China is UK’s environmental laundry says think tank
The UK's dependence on imports from China is turning the eastern state into an "environmental laundry", a think tank has claimed.
The New Economics Foundation (NEF) criticised the UK’s rising dependence on imports for basic needs such as food and energy, which it said has placed heavy burdens on the resources of foreign nations.
A report entitled Chinadependence, published by NEF and the Open University, said a large share of China’s rising greenhouse gas emissions was caused by the manufacture of goods for western markets.
Andrew Simms, lead author of the report and NEF policy director, said: “Because of the way that data on carbon emissions gets collected at the international level, this has the effect of carbon laundering economies like those of Britain.”
He added: “This report shows the urgent need to develop a sensible and positive pattern of interdependence between the UK, the rest of the world and the earth’s life-support systems.”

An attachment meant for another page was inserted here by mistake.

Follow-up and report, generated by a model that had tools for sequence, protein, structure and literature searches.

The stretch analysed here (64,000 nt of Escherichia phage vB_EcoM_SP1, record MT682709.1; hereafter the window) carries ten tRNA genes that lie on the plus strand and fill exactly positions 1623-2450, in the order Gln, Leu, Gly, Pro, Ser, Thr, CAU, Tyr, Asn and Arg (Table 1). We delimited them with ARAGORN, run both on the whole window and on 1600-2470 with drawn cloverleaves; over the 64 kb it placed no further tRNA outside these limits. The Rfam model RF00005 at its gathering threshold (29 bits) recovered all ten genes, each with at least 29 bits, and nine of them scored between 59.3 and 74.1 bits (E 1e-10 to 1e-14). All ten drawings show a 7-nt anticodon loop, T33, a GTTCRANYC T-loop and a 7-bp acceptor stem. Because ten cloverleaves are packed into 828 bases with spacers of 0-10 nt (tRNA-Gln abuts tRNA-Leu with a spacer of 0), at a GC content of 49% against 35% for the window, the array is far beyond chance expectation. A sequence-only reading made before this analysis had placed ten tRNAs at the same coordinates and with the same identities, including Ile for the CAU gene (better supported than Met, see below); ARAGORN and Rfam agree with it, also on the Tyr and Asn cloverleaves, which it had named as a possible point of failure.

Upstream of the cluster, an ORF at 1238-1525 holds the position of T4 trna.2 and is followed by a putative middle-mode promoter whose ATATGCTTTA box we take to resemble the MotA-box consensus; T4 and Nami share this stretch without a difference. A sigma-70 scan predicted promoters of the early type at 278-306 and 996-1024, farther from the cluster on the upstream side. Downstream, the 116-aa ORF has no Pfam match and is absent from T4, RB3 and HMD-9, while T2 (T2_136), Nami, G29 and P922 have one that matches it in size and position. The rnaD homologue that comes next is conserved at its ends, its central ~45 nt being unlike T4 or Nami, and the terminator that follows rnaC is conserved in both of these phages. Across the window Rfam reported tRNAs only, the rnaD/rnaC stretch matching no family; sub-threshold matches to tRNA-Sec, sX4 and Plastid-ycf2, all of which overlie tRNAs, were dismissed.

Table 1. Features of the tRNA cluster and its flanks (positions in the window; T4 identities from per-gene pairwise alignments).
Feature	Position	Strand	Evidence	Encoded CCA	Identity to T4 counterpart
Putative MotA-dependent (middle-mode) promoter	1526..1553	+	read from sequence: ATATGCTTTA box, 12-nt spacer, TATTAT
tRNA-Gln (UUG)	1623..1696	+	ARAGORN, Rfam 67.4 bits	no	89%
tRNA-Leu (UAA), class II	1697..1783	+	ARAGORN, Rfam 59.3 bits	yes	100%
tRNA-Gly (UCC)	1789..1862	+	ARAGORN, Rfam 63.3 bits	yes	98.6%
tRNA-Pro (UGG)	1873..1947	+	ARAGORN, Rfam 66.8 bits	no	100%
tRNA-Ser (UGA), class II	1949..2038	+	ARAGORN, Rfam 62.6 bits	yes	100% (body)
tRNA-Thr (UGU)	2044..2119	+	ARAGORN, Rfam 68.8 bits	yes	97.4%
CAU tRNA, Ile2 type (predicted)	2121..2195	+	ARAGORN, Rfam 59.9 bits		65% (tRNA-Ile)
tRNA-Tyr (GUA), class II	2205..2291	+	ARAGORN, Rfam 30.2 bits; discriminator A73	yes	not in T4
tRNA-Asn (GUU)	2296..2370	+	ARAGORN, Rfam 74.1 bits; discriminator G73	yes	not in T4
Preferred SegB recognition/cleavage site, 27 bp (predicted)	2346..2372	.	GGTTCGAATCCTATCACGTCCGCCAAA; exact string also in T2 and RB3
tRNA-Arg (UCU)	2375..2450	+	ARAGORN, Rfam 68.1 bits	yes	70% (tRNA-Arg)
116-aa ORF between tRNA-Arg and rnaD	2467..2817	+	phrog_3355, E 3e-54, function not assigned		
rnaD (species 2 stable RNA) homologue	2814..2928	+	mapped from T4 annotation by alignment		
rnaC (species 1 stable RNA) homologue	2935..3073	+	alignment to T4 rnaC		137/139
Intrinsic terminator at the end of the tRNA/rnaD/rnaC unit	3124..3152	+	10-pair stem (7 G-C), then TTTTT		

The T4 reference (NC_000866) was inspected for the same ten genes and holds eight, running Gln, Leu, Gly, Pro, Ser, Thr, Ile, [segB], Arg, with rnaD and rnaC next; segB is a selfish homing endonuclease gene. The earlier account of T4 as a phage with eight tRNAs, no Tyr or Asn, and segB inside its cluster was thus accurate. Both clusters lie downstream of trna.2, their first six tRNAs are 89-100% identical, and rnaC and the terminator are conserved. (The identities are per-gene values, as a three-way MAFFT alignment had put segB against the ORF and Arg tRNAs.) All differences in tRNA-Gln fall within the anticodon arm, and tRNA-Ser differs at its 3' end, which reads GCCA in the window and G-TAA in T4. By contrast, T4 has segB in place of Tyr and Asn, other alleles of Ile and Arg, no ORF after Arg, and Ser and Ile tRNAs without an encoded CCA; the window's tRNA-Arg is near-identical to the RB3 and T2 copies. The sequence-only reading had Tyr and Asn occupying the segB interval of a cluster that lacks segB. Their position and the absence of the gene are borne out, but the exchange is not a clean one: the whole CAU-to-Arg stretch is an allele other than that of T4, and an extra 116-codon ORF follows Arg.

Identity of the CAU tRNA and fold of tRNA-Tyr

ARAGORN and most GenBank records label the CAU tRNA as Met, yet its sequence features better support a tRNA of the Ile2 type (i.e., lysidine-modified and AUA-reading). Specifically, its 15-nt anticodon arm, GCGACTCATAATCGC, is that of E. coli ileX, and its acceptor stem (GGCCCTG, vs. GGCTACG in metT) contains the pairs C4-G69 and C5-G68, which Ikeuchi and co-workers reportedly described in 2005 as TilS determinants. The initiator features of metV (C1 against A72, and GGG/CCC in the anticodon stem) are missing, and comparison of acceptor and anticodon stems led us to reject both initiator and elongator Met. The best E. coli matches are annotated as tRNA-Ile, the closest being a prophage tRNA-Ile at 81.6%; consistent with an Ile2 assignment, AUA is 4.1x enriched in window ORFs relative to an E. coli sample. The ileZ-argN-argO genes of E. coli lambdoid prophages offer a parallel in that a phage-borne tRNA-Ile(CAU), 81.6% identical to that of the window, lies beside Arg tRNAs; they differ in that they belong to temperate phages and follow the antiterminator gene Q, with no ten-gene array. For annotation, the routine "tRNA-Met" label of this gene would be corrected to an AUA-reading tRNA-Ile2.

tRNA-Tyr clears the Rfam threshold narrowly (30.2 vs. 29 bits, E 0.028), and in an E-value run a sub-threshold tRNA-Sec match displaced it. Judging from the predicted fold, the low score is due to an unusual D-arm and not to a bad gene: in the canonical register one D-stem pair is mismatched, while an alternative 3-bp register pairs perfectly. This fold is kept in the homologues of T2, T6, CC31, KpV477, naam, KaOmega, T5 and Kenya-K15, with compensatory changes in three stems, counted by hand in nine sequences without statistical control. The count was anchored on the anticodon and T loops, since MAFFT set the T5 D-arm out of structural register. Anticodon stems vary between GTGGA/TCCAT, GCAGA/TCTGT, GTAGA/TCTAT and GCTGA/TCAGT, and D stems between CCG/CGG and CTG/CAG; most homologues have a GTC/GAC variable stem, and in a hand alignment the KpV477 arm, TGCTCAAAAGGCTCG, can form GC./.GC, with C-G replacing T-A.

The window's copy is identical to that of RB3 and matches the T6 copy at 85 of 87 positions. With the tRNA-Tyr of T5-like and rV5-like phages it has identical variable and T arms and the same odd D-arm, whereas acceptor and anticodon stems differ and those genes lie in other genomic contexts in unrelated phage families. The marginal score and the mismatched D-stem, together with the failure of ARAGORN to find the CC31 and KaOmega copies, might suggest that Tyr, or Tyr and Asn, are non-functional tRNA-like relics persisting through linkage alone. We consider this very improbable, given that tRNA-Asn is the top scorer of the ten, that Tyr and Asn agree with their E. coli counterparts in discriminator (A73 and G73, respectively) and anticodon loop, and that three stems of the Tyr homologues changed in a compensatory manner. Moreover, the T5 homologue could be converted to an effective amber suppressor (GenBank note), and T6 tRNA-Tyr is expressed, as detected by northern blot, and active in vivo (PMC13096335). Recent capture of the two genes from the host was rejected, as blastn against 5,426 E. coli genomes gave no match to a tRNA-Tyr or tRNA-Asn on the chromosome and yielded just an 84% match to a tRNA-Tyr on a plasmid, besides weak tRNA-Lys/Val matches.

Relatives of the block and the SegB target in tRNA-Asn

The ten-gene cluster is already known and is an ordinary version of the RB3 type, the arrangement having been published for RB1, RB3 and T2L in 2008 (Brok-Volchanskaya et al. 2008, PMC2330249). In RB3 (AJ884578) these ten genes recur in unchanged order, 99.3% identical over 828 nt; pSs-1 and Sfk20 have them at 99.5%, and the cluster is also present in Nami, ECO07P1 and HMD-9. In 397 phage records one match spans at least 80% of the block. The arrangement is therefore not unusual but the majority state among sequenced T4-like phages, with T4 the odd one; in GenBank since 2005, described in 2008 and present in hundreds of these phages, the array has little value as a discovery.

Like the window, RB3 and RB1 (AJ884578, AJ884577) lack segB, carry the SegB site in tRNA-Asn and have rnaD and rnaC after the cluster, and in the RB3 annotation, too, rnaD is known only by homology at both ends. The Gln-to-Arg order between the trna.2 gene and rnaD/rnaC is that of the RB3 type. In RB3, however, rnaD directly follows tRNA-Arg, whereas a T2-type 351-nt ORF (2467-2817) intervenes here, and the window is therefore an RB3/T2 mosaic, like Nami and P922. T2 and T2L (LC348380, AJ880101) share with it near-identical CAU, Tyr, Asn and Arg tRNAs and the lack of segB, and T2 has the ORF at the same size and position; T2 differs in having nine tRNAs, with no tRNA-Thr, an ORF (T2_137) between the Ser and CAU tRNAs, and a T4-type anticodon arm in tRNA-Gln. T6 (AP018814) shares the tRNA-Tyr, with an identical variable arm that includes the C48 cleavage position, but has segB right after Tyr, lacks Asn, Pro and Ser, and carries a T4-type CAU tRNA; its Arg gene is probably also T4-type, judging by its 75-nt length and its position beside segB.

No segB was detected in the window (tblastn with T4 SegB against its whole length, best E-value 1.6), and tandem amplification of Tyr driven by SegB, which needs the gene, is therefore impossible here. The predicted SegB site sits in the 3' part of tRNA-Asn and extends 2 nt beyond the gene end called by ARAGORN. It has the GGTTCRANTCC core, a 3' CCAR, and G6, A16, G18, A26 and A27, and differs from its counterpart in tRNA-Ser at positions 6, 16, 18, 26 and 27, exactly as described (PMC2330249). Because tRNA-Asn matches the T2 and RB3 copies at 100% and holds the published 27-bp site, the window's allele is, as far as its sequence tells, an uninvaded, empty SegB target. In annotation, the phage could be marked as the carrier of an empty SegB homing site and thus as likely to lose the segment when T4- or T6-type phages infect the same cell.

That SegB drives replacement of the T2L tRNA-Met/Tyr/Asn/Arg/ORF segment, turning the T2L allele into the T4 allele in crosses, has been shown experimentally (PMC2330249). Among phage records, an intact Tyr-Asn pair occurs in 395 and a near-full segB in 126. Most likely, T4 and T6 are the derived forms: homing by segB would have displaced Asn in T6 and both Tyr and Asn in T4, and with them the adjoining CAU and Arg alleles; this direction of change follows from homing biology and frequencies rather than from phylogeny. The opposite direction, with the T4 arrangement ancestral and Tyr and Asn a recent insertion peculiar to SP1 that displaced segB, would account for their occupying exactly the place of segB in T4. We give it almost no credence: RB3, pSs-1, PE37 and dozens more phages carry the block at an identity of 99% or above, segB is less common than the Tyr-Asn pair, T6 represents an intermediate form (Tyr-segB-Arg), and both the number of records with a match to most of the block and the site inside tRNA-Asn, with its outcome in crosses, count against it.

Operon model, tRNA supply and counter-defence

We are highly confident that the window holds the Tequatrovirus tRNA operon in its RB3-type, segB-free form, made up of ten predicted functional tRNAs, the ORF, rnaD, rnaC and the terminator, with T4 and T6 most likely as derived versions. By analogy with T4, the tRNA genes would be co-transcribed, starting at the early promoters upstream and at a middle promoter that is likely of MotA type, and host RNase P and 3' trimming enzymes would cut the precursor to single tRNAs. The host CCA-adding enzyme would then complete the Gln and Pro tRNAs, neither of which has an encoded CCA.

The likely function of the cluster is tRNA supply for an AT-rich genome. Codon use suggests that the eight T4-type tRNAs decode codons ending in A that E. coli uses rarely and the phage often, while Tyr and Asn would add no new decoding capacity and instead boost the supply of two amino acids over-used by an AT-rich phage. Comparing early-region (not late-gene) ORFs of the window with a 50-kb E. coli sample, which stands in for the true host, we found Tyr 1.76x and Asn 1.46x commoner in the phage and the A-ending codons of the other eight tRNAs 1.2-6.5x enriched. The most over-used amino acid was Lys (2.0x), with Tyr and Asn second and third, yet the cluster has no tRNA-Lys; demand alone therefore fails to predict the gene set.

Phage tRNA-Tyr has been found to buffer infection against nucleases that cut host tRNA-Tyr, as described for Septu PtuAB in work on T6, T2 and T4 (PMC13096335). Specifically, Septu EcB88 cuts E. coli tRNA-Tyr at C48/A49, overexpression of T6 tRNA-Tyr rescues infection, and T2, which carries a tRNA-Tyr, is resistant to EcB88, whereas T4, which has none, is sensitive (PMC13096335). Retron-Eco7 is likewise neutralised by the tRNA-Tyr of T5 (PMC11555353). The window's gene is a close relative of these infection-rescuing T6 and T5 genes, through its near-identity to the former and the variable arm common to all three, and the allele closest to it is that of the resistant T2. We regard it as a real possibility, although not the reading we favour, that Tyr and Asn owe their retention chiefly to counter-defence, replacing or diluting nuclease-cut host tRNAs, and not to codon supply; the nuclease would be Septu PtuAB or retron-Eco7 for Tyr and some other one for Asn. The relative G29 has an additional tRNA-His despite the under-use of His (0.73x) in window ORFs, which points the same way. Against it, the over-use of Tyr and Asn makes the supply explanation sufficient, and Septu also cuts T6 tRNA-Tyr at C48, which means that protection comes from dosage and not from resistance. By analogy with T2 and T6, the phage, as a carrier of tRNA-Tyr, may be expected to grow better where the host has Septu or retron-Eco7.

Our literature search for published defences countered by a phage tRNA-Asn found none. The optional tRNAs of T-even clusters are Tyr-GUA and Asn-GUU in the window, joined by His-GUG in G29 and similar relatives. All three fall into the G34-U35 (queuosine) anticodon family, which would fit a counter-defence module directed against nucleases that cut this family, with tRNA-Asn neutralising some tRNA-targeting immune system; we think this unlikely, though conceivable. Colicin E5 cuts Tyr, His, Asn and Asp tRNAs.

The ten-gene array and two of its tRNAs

The authors of the report called for a shift in Government policy away from economic competitiveness towards co-operation and said ministers must draw up policies to increase the UK’s self-sufficiency.
The report revealed that in the last five years, the UK’s spending on imports from China has risen by more than 125% and the weight of imports has grown by 114%.
Christmas decorations alone accounted for 60,000 tonnes of imports in 2006.
NEF’s report also highlighted examples of UK trade with the rest of the world which it said were “ecologically wasteful”.
This includes importing 14,000 tonnes of chocolate-covered waffles in 2006, while exporting 15,000 tonnes.
It also said the UK’s ability to produce its own food is at its lowest level for 50 years, and energy dependence has increased almost fourfold since 2004.
© Faversham House Ltd 2023 edie news articles may be copied or forwarded for individual use only. No other reproduction or distribution is permitted without prior written consent.
Please login or Register to leave a comment.